What it takes to be a 'parent' as determined by the High Court - how can your role as 'sperm donor' be construed? What are your Parental Rights?

Thursday June 27, 2019

What it takes to be a 'parent' as determined by the High Court - how can your role as 'sperm donor' be construed?

In a world in which many women find themselves wanting to have children but are unable to do so the 'conventional' way – for example, some single women choosing to have children alone, women in same-sex relationships wishing to have children together, or women in heterosexual couples being unable to conceive – a surprising consequence of 'sperm donation' has been decided in relation to the children born in these circumstances.

In what is now the seminal High Court decision of Masson v Parsons (& Others [2019] HCA 21), a man, Mr Masson, who 'donated' his sperm to a lesbian friend, Ms Parsons, so that a child could be conceived via artificial insemination, was found to be a parent of the child.  This was the original decision of the primary judge which the High Court upheld.

The case was heard on appeal on 22 March 2018 in which Ms Parsons successfully argued that, in line with state law (the Status of Children Act 1996 (NSW)), there was no doubt that Mr Masson was not the legal parent of the child (because he was deemed to be a sperm donor for the purposes of the artificial insemination pursuant to the state Act).

In April 2019, the High Court heard Mr Masson's appeal, which was successful by its decision handed down yesterday, reaffirming the initial decision of Justice Cleary.

Justice Cleary noted that "being a biological parent is not the whole answer to the question 'who is a parent?'" but that "where there is a challenge to a biological parent being a legal parent … biology is a part of the answer".   She concluded that "the meaning of the word “parent” ranges across biology, law and factual reality. It is open to assume that a biological progenitor is a parent unless an order of a Court says otherwise".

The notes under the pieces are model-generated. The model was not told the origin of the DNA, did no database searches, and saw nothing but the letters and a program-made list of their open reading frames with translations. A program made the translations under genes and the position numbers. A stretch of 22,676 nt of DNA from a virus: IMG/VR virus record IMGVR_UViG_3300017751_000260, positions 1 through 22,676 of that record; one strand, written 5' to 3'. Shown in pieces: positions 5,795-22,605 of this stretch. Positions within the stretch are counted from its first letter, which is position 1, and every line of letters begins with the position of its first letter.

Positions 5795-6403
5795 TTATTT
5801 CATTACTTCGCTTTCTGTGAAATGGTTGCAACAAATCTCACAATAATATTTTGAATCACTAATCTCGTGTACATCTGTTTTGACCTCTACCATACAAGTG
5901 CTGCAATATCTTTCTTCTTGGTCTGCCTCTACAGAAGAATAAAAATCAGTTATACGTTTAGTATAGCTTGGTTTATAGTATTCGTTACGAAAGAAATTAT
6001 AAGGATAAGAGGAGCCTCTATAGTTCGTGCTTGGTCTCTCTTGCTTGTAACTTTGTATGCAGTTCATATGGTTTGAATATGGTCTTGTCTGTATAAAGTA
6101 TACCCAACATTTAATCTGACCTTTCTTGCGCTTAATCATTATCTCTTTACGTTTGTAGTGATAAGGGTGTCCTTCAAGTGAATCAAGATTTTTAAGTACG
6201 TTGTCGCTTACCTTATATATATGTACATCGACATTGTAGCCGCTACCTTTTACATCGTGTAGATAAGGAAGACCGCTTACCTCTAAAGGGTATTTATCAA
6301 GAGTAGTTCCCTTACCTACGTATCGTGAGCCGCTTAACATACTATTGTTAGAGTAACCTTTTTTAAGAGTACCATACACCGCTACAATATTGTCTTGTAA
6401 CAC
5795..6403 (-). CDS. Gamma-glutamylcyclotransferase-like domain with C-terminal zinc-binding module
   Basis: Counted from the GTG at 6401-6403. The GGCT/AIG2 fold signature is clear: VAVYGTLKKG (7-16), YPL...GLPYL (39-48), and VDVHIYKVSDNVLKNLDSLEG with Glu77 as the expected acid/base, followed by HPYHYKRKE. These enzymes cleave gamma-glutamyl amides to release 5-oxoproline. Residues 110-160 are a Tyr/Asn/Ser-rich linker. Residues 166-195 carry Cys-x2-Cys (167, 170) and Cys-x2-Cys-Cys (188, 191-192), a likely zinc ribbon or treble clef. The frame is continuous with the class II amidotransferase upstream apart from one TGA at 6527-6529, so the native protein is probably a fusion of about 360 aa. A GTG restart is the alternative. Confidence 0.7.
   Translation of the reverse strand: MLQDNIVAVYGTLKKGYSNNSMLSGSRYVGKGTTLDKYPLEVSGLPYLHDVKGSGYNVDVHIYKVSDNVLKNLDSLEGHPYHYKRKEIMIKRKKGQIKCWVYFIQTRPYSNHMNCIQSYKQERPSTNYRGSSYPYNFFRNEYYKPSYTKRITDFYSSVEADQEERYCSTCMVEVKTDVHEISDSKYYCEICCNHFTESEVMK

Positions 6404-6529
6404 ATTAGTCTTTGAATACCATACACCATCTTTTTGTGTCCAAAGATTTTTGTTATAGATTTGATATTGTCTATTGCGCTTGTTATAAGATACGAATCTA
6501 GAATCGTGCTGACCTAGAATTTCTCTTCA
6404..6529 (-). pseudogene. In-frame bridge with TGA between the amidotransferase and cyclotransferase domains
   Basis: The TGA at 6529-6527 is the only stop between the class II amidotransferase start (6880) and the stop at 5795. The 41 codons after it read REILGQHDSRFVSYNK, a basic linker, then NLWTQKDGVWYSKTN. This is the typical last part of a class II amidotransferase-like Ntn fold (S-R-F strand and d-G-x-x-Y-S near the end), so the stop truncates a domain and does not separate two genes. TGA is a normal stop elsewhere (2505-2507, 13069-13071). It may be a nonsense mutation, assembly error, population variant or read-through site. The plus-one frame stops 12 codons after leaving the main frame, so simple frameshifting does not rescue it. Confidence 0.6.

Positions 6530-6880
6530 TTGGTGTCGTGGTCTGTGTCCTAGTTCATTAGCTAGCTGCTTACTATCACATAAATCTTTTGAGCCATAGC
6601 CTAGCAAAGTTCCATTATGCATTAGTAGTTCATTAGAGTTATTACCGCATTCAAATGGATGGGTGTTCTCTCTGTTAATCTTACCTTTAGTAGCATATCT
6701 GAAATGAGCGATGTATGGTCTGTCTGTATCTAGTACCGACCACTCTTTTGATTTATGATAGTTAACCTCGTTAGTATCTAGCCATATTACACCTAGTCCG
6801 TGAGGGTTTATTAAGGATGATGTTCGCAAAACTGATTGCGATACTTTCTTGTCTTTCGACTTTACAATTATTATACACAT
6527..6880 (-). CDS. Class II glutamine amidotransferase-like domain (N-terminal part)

Did you intend to be, or not to be, the parent? Is that the question?

What became important was that Mr Masson "provided his genetic material for the express purpose of fathering a child he expected to parent", having agreed to do so on the understanding that he would be involved in her upbringing.  It was also found that Mr Masson played an active role in the now 10-year old child's upbringing. She knew him as "daddy" and the relationship she shared with Mr Masson was a crucial factor.

Some commentators are concerned this decision may result in people who believed they were merely sperm donors – as opposed to legal parents – (an understandable presumption when a man merely provides his genetic material to facilitate an artificial conception), may discover that they are in fact parents (with parental responsibility and financial obligations).  However the High Court decision seems to provide that, if there is a clear intention – that you are merely providing genetic material – then you will not be deemed to be a parent for the purposes of the Family Law Act.

It is therefore crucial, if the issue of 'sperm donation' applies to you, your family or your circumstances, that you are clear from the outset about the intention of the arrangement. 

Please contact Chimene Vaughan in our family law team should you require advice or assistance on parental rights and your specific circumstance.